Carpets stacked high, kilims by the meter, in Istanbul this wealth of colour, design, texture and tradition share a commonality of being made of wool. Old and antique weavings or pieces right off of the loom all started out ‘on the hoof’, wool or hair on the backs of sheep or goats.
I have a strong image of the first flock of sheep I saw grazing in the distance on a hillside in Cappadocia. The shepherd was visible at the rear of the flock as they grazed against the surrealistic landscape that defines Cappadocia. It seemed an ancient image to me. In fact research would indicate that the practice of animal husbandry spans the past 8000 years in Anatolia.
On our travels in Eastern Turkey one day as we were driving across the Mesopotamian plain towards Mardin my colleague Mehmet noticed a group of people with their flocks of sheep and goats in a box canyon. We stopped, Mehmet chatted and we were invited to join the villagers as they milked the flock. I can remember looking around and seeing my husband Jack holding the head of a sheep and a village woman looking up with surprise as she milked the animal and realized it was ‘the foreigner’ who was helping her. The forty or so people spanned all age groups, young and old. All had a sense of their role in the procedure. An elderly man in a pair of shalvar had climbed up a portion of the steep edge of the canyon to herd a couple of animals down from the heights where they were climbing above the rest of the flock.
These same animals whose fleeces would provide the raw materials for the carpets, kilims, black tents and more also are a source of milk and meat for the villagers. How many times have I been served yogurt that defies description with its creamy consistency and distinctive tangy flavor? I have tasted cheeses throughout Turkey that any North American specialty cheese shop would love to have on hand for their clients. The ubiquitous lamb kabob available in every corner of Turkey harkens back to these flocks. The integration of the animals into the life and livelihood of these small rural communities reflect thousands of years of ongoing practices.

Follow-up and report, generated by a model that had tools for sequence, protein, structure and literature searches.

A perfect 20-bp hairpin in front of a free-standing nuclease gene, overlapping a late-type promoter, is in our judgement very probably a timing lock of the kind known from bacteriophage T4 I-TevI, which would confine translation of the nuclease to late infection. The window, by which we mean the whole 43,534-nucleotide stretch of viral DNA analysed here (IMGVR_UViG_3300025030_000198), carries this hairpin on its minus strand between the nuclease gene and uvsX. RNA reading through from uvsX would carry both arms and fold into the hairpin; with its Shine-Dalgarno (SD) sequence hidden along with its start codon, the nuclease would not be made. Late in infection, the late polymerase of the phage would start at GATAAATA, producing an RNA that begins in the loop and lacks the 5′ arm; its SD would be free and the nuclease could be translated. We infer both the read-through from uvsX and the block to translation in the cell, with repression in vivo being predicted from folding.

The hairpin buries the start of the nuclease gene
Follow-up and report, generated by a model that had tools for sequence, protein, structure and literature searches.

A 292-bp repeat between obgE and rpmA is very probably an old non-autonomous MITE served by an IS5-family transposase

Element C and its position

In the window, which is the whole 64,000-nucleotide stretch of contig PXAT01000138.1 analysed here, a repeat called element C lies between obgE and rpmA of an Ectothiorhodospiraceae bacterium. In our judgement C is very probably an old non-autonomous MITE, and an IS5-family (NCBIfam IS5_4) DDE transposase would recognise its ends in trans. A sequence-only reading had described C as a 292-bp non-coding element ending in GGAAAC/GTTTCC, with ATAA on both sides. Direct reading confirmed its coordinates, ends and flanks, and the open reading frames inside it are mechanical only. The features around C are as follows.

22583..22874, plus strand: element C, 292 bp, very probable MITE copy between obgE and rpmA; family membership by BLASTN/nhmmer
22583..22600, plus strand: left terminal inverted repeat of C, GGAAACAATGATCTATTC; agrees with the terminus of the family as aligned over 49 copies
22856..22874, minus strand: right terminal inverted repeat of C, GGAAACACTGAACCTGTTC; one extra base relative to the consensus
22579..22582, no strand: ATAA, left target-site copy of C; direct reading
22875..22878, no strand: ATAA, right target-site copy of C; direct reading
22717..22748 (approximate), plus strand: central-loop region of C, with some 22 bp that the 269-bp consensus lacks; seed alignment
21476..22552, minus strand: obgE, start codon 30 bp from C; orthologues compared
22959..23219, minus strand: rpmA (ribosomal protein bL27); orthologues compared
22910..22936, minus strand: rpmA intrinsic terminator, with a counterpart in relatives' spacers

This morning I wrote ‘milk’ onto my shopping list on the kitchen counter. Milk, cheese, yogurt or meat; in our urban environment we are so removed from the realities of the source of these foods. I sit typing at my computer on a snowy day here in Calgary wearing my wool sweater. How often am I conscious that this garment started its life on the back of a sheep?
The carpets, kilims and textiles that have passed through my hands over the year to clients have all had their start on the back of an animal. Prior to the era of industrialized weaving the start to finish labour for supplying wool to the hand weavers is consistent. Caring for the flock, shearing the fiber from the animal, sorting, grading the wool, spinning the fibers, gathering dyestuff to colour the wool, dye baths for the wool and weaving the final product. From start to finish carpet production of old was a hugely labor intensive process and most often included members of the community spanning all ages expert in their specific field.
When I reflect on the ‘route’ from the back of the beast to the floor of the house for carpets or kilims I am deeply aware of the care and management of the flocks, the shared skills of the shearers, sorters, dyers, and women who have designed and woven to produce the Art of Anatolia and beyond.
For those of you interested in weaving traditions I would like to recommend the book Women’s Work – The First 20,000 Years by Elizabeth Wayland Barber. I found the book to be a comprehensive overview of the history of spun fibers and roles of women in the history of weaving.